If you follow economic development, you will often hear about how a big company looking to relocate will seek offers from various cities to move their company headquarters or open a new facility in exchange for incentives or favorable tax treatment. These announcements are often attached to the promise of new jobs that will be moved from another city or hired locally as the company expands.
This stands in direct contrast to local entrepreneurs who start and grow companies in their hometowns. This “organic” economic development can be a big boost for local economies that rely on these innovators and entrepreneurs to bring new products and services to market and can grow quickly. These new companies are often too focused on growth, if not survival, to seek government incentives like established companies do.
But, how do these two generators of economic development compare, particularly when it comes to job creation? And, what does that mean for Fort Worth?
New data and analysis reveal that new firms in Fort Worth create about 5.2 times more jobs than those companies that are recruited in a relocation effort.
To conduct this analysis, two data sets were used.
The first was based on a recent report from Sparkyard and Sourcelink that showed that in Tarrant County in 2019, almost 30,000 jobs (29,979 to be exact) were created by firms less than one year old.
To create a better comparison with job recruitment efforts, we distilled this number down based on the 2019 population. After we normalized this number for just the city of Fort Worth, we calculated approximately 12,500 jobs created by new firms in 2019. (Tarrant County’s population in 2019 was 2.1M versus 874K in the City of Fort Worth.)
According to the Fort Worth Chamber of Commerce, 9,561 jobs were created by companies that relocated to Fort Worth, over a four-year period (2018-2021). The majority of these were in Fort Worth, but some were in other municipalities. We averaged this number over the four-year period to estimate that 2,390 jobs were created locally by corporate relocations.
Therefore, in 2019, organic growth from new companies created 12,500 jobs. That same year, an estimated 2,390 jobs were added in Fort Worth from corporate relocations. This represents 5.23 times more jobs created by new companies in Fort Worth versus relocations.
This analysis is based on pre-pandemic numbers. In the case of the Sparkyard Jobs Report, the numbers were from jobs created by new companies in 2019. For the Chamber data, the research was based on an average number of jobs attracted over a four-year period, from 2018-2021. In the first part of 2020, many people lost their jobs due to the pandemic, but the latter half of the year also represented a record year in new firm starts. In fact, 2020 was the best year on record for new business creation, according to the US Census Bureau. We will have to wait and see how the data and comparison comes out for future years to see the impact that the pandemic had on job creation.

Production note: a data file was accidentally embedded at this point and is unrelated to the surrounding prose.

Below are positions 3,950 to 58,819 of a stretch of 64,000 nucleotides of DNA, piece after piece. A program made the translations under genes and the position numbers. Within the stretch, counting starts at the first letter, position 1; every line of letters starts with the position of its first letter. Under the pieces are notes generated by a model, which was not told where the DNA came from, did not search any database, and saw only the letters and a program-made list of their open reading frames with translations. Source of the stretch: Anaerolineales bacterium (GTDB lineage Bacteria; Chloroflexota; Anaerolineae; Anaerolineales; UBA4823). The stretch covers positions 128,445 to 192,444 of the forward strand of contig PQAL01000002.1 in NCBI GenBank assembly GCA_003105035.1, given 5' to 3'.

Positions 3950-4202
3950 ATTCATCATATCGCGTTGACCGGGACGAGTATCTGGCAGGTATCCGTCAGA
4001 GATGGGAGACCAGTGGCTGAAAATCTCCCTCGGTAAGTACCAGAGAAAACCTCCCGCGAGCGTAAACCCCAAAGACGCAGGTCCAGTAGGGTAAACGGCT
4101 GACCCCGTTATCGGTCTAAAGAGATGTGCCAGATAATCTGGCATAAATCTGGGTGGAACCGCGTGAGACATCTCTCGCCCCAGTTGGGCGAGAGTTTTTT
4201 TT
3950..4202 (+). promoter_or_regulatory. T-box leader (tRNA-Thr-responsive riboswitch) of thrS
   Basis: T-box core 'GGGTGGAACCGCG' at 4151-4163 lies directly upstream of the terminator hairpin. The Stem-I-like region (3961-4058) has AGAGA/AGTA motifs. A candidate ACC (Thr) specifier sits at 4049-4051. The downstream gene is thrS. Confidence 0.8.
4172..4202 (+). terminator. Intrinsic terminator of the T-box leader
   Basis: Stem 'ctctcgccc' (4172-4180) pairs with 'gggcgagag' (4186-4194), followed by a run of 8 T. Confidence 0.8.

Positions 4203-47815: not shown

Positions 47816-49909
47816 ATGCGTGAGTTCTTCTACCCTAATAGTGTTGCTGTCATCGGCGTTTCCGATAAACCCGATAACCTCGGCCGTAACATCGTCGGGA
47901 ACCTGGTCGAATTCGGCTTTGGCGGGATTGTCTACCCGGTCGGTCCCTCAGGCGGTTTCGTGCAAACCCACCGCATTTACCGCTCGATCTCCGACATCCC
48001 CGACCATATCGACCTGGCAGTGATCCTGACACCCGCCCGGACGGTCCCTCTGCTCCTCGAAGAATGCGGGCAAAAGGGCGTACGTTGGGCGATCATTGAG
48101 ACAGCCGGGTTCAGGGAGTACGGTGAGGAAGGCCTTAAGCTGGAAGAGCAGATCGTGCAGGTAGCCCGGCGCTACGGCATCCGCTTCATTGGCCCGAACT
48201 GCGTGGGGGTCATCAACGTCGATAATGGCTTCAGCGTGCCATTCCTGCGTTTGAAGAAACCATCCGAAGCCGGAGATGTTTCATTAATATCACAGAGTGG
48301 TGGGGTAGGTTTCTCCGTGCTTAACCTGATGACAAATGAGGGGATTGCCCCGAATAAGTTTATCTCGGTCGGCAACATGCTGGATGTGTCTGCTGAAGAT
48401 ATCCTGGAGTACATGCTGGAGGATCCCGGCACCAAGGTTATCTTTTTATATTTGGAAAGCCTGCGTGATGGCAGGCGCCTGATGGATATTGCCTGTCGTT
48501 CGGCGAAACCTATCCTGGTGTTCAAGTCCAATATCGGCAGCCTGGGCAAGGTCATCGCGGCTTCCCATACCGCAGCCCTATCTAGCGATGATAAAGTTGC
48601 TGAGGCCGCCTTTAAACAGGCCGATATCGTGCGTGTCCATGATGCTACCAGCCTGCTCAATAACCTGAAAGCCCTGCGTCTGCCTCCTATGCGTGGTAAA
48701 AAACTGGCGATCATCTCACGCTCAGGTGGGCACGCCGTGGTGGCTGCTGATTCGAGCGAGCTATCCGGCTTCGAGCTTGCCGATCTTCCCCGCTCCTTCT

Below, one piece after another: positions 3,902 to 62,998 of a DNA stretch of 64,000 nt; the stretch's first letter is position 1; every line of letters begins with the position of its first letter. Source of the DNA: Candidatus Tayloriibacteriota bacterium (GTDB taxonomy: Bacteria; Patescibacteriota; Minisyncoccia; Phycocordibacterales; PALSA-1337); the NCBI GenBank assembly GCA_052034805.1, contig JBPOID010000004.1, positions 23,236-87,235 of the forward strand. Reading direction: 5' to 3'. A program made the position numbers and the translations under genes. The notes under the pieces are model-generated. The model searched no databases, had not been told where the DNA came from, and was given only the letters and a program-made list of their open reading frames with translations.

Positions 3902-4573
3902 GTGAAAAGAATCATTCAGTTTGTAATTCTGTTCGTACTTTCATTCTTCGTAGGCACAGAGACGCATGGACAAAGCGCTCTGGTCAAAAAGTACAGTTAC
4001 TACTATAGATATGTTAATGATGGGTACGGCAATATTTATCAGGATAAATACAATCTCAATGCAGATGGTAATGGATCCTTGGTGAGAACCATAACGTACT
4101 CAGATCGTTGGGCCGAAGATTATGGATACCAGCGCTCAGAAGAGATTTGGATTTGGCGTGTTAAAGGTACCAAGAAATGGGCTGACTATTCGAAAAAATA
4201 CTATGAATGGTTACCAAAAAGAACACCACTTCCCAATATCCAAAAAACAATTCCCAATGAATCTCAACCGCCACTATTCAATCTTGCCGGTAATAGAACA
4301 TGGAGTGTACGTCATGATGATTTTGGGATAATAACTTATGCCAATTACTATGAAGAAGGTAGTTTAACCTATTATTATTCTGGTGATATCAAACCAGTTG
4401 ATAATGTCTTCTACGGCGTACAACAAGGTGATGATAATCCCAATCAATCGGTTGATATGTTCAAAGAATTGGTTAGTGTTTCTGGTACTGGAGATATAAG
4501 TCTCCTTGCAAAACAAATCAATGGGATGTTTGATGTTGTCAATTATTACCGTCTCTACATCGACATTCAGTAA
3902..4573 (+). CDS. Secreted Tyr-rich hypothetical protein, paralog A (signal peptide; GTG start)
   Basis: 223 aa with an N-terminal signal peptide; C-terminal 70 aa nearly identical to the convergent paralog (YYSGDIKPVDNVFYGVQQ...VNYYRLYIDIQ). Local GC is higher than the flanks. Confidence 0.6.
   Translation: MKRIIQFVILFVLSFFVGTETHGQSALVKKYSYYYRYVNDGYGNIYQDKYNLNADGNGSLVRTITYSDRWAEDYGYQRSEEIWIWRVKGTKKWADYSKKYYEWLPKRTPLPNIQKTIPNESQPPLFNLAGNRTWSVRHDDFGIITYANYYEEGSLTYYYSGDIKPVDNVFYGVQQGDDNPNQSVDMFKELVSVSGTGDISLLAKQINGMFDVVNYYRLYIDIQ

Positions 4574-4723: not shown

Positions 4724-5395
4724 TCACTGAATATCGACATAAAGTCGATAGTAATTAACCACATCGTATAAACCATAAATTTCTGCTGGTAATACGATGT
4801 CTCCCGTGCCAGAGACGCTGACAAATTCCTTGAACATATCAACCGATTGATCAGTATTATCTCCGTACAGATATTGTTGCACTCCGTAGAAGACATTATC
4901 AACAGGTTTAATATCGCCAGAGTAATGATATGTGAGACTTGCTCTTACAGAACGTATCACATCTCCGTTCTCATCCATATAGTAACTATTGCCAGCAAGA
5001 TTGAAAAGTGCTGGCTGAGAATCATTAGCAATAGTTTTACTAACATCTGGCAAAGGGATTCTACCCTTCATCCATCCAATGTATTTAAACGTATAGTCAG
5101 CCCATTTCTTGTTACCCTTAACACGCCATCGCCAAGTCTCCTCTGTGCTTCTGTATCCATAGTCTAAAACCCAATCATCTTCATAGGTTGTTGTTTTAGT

Corporate relocations represented data from the Fort Worth Chamber of Commerce and relocation deals that in which they were involved. Additional data from the City of Fort Worth or local economic development organizations might show different results.
The authors fully realize that many corporate relocations that can have a big impact on our area may not fall strictly within Fort Worth city limits. Additional data for further analysis would be welcomed.
Finally, due to data limitations, the Sparkyard Jobs Report only counts new jobs created in the first year of a company’s existence. Many companies spend their first year just trying to survive and if they do, years 2-5 is where they expand by creating new jobs. The ability to measure the job creation in the first five years of a new company’s journey would significantly change this analysis, but additional data would be required from the State of Texas’ Workforce Commission (TWC).
So what does this analysis really mean?
This is just one way to look at the very complex world of economic development. In fact, this analysis oversimplifies the many competing factors that go into a growing, thriving local and state economy.
But, this does mean that when it comes to job creation, startup companies cannot be ignored. The job growth spawned by our own entrepreneurs, innovators, restauranteurs and risk-takers is significant and policymakers and economic development professionals should not ignore their contributions. There are a variety of ways cities and other stakeholders can invest into these job creators.
Plus, since entrepreneurs aren’t typically swayed by tax incentives, they are more likely to stay put and continue creating jobs. Since they typically won’t be looking to move when incentives run out, if they survive their startup phase, they tend to be more tied to their hometowns.
It also means that future recruitment packages and future discussions around economic development should be weighed against the impact that those dollars, incentives and tax breaks might have if applied to new firm starts.
These decisions are complicated and difficult, but the data are clear – when it comes to creating new jobs, new companies are a significant contributor to our local economy.